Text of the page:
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Why is Bitcoin still Falling?

The expectation that US regulators will legalize bitcoin exchange-traded funds, expanding the pool of possible investors, sent major cryptocurrencies into a frenzy toward the close of the previous year.

Bitcoin dropped as soon as those funds were approved. Why is that happening?

Early this month, investors expected the US Securities and Exchange Commission to approve the first-ever exchange-traded funds that tracked the spot price of bitcoin, which caused the cryptocurrency to surpass $47,000 for the first time since April 2022.

However, following the appropriate January 10 positive SEC ruling, the value of cryptocurrencies fell. And earlier this week, bitcoin saw its price dip below $40,000 for the first time since December.

By 4 p.m. ET on Wednesday, the cryptocurrency’s price was almost $39,519 per coin.

Thus, even though investors received their desired outcome, why is the price of bitcoin declining? According to Antoni Trenchev, co-founder of cryptocurrency lender Nexo, part of the cause is probably a “buy the rumor, sell the news” approach. That is the notion that, after the news is officially released, investors take profits, and the price of the asset often drops in anticipation of an announcement.

It’s interesting to note that net buying is visible in bitcoin ETF activity.

Since the Grayscale Bitcoin Trust was changed to an ETF on January 11, investors have taken out almost $4.4 billion from it, according to Coinshares data as of this Wednesday. The largest bitcoin ETF, with almost $20 billion in assets, is Greyscale’s fund.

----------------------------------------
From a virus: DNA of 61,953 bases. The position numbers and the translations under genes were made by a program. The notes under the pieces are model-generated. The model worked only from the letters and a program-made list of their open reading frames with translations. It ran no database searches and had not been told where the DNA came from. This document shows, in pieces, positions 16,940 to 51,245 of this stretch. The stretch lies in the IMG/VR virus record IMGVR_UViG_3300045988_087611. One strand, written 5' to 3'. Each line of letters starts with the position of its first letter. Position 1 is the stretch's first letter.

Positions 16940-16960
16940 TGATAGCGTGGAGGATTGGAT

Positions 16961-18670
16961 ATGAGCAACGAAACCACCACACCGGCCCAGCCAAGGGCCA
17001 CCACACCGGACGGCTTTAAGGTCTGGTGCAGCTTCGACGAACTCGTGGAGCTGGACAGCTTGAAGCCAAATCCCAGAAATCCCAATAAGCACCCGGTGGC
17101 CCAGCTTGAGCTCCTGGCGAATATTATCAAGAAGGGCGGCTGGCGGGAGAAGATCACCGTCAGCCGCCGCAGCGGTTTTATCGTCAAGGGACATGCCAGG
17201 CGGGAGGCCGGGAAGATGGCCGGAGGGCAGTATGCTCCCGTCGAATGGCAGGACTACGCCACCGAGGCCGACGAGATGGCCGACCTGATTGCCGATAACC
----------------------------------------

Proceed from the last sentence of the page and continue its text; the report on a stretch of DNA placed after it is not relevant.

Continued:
However, the inflows of roughly $5.3 billion into nine other spot bitcoin ETFs have offset those flows.

The amount of bitcoin that is traded that is held by ETFs is quite little, according to Eric Balchunas, senior ETF analyst. This indicates that the call is coming from the home. The seller is someone who previously had the cryptocurrency, he claimed.

Since falling to less than $17,000 in late 2022 due to the bankruptcy filing of cryptocurrency exchange FTX, which sparked a frenzy in the cryptocurrency trading community, Bitcoin has steadily increased in value over the past year. Even yet, it is still far behind the all-time high of around $69,000 that was attained in November 2021.

This level of volatility in the industry is nothing new to us. In a note on Tuesday, Craig Erlam, senior market analyst at OANDA, stated that what concerns right now is what could happen next that could increase interest in cryptocurrencies and result in additional gains.

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